Installing NixOS on OVH

Getting nix to work on "So you start" servers
By Bradford Toney
Published 2023-09-23
7 min read

I just recently set up an OVH server for some PDF APIs that I was working with due to their memory size. Nix is not a commonly installed OS for servers so I needed to figure out how I would install this on my own.

I tried the install script thats on github but it needs customization and it felt a little overwhelming to just dive in and edit the script as it is. I’ve never been that good at shell scripting so this will be interesting to break down the various commands.

Why do you want to use some weird functional OS?

I’ve been playing around with nix for quite some time with my vim files setup and i’ve found it to be quite nice. I really like the idea that everything is “frozen” in the system and packages are not just installed in some apocryphal manner.

I’m going through an experience where I am installing a service that did not have a list of packages it needed and I have to reverse engineer what has been installed on the server after 15 years. NixOS hopefully solves this situation.

I will declaratively lay out all the packages I need and all my problems will be solved? right? right?

Installing Nix onto the rescue system

I booted the server into rescue mode and started with that. We need to first start off by installing nix onto the rescue mode installation. All we are doing here is installing onto a chunk of ram and it is not permanently installing anything yet.

Because we are installing it onto the rescue system we need disable the sandbox mode or we will get the error: cannot pivot old root directory.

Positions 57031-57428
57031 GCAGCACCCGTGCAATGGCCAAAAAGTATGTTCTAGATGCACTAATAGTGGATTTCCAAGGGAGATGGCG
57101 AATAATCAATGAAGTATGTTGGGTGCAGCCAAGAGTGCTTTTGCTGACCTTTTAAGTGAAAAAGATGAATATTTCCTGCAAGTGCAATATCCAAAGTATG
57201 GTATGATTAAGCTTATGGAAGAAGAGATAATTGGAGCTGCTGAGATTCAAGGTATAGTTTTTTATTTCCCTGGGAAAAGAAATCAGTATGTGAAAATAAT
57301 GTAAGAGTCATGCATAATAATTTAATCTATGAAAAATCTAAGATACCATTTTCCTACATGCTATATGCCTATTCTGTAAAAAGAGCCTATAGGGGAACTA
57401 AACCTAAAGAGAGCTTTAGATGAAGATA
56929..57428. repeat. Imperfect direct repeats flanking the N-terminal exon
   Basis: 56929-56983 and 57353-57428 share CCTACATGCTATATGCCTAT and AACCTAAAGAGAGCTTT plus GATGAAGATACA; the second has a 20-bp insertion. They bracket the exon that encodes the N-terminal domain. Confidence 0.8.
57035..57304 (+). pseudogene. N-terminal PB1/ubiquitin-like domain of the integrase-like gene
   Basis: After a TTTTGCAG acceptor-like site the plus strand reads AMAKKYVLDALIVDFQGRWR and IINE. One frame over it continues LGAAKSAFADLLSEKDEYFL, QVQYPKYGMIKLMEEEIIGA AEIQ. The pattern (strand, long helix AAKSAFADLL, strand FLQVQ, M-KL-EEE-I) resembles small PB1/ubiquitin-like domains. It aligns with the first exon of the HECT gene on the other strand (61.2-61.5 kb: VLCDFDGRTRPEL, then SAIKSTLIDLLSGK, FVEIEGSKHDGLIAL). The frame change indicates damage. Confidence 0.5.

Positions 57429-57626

$ mkdir -p /etc/nix
$ echo "sandbox = false" >>/etc/nix/nix.conf

We also run the regular install with --daemon because again we are in the rescue environment and its very different than a regular system install.

$ sh <(curl -L --daemon
$ . /root/.nix-profile/etc/profile.d/

Add some channels to the NixOS

We need to install some sources of packages, kind of like doing apt-get and apt-get update.

$ nix-channel --add nixpkgs
$ nix-channel --update

23.05 is the version number and can be changed to the version that you prefer.

Install NixOS install tools

In effect this is the main installer, we will first install it and then run it later.

$ nix-env -f '<nixpkgs>' -iA nixos-install-tools

Partitioning the drive

When we first start off in rescue mode we should have no drives mounted and software raid mdadm is turned off. We need to partition the drive for nix to be installed.

First we set the partitioning table to GUID Partition Table (GPT) with parted.

parted --script /dev/sda mklabel gpt

parted --script /dev/sdb mklabel gpt

We’re going to partition the drives into 3 pieces:

  • EFI System Partition
  • OS Partition
  • Data Partition

Which leaves us with this layout:

Start End Note
1MB 551MB fat32 ESP
551MB 500GB OS Partition
551MB 100%1 OS Partition

We run the following commands to perform the partition:

$ parted --script --align optimal /dev/sda -- mklabel gpt mkpart 'ESP-partition0' fat32 1MB 551MB set 1 esp on  mkpart 'OS-partition0' 551MB 500GB mkpart 'data-partition0' 500GB '100%'

$ parted --script --align optimal /dev/sdb -- mklabel gpt mkpart 'ESP-partition1' fat32 1MB 551MB set 1 esp on  mkpart 'OS-partition1' 551MB 500GB mkpart 'data-partition1' 500GB '100%'

This existed in the original script but i’m not sure that we need to run this.

# Wipe any previous RAID signatures
$ mdadm --zero-superblock /dev/sda2
$ mdadm --zero-superblock /dev/sda3
$ mdadm --zero-superblock /dev/sdb2
$ mdadm --zero-superblock /dev/sdb3

We will then create parititions for the operating system and the data drives

$ mdadm --create --run --verbose /dev/md/root0 --level=1 --raid-devices=2 --name=root0 /dev/sda2 /dev/sdb2

$ mdadm --create --run --verbose /dev/md/data0 --level=1 --raid-devices=2 --name=data0 /dev/sda3 /dev/sdb3

Delete all of the data on the drives!

Wipe filesystem signatures that might be on the RAID from some possibly existing older use of the disks (RAID creation does not do that).2

$ wipefs -a /dev/md/root0
$ wipefs -a /dev/md/data0